key is specified.

     Public Key
     The public encryption key for the Cookie request message and derived
     from the host key. It carries the public value timestamp and the
     filestamp at the host key file creation epoch.

     Sign Key
     The RSA or DSA key from the sign key file and used to encrypt
     signatures. It carries the public value timestamp and the filestamp at
     the sign key file creation epoch.

     The X.509 certificate from the certificate file. It carries the public
     value timestamp and the filestamp at the certificate file creation

     Leapseconds Table, Leapseconds Table Filestamp
     The NIST leapseconds table from the NIST leapseconds file. It carries
     the public value timestamp and the filestamp at the leapseconds file
     creation epoch.

     Digest/signature NID
     The identifier of the message digest/signature encryption scheme derived
     from the sign key. It must agree with the NID on the certificate.

     Client Association State Variables

     Peer Association ID
     The association ID of the peer as received in a response message.

     Host Name
     The name of the host returned by the Association response. It must agree
     with the subject name in the certificate.

     Digest/Signature NID
     The identifier of the message digest/signature encryption scheme
     returned in the Association response message. It must agree with the
     value encoded in the certificate.

     Public Values Timestamp
     The timestamp returned by the latest Certificate response, Cookie
     request or Leapseconds message.

     The X.509 certificate returned in the certificate response message,
     together with its timestamp and filestamp.

     The cookie returned in a Cookie response message, together with its
     timestamp and filestamp.

     Receive Autokey values
     The autokey values returned in an Autokey response message, together
     with its timestamp and filestamp.

     Server Association State Variables (broadcast and symmetric modes)

     Association ID
     The association ID of the server for use in client request messages.

     Send Autokey Values
     The autokey values, signature and timestamp.

     Key List
     A sequence of key IDs starting with a random autokey seed and each
     pointing to the next. It is computed timestamped and signed at the next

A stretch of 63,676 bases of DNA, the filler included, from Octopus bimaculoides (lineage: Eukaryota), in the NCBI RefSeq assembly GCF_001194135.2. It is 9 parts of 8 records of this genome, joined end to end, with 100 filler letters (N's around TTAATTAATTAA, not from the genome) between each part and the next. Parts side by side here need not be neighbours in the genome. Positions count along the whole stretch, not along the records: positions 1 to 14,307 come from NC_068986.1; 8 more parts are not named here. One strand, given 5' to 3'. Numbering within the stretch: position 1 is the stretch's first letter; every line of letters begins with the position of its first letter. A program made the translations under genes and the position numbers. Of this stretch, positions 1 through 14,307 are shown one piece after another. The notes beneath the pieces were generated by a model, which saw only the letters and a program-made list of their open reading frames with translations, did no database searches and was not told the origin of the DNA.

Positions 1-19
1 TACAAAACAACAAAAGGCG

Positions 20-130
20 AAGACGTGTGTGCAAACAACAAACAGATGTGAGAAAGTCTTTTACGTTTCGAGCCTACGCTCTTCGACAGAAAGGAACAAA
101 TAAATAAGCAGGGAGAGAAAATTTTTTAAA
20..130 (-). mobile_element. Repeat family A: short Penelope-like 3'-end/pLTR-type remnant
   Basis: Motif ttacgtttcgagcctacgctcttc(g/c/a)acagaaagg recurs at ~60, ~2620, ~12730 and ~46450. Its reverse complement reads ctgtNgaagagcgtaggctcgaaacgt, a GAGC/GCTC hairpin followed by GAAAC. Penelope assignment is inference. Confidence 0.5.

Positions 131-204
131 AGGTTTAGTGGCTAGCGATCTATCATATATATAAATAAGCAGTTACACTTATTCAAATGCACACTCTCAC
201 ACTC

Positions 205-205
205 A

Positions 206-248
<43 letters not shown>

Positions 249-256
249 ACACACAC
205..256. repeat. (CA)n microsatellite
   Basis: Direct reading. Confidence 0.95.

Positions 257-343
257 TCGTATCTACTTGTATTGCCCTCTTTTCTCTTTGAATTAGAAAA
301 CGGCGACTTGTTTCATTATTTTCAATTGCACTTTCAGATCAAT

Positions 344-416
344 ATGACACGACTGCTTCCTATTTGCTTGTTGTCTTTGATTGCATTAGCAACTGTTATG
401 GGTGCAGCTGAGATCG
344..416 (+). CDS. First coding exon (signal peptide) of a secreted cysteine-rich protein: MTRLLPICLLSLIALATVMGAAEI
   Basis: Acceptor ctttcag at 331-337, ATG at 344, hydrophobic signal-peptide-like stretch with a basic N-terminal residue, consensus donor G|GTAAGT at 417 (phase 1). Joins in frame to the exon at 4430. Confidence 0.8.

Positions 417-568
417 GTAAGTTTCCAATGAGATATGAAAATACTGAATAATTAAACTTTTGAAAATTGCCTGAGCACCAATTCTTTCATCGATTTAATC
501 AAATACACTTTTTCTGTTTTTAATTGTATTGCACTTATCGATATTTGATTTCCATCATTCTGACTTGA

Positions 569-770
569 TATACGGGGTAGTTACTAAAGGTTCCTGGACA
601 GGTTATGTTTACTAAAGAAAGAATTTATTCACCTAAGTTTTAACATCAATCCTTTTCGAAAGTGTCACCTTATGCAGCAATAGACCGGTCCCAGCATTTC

poll opportunity when the key list is empty.

     Autokey Seed
     The private value used to initialize the key list. It is randomized for
     each new key list.

     Current Key Number
     The index of the entry on the Key List to be used at the next poll

     Send Encrypt Values (symmetric modes only)
     The encrypted cookie, signature and timestamp computed upon arrival of
     the Cookie request message. These data are held until the next poll

     Server seed
     The private value hashed with the IP addresses to construct the cookie
     used in client/server mode. It is randomized when the public value
     signatures are refreshed.

     Autokey Messages

     There are currently five Autokey request types and five corresponding
     responses. An abbreviated description of these messages is given below;
     the detailed formats are described in Appendix A.

     Association Message (1)
     The client sends the request to retrieve the host status word and host
     name. The server responds with these values.

     Certificate Message (2)
     The client sends the request to retrieve the server certificate. The
     server responds with the certificate.

     Cookie Message (3)
     The client sends the request, including the public member of the host
     key, to retrieve the cookie. The server responds with the cookie
     encrypted with the public key.

     Autokey Message (4)
     The client sends the request to retrieve the autokey values, if
     available. The server responds with these values.

     Leapseconds Message (5)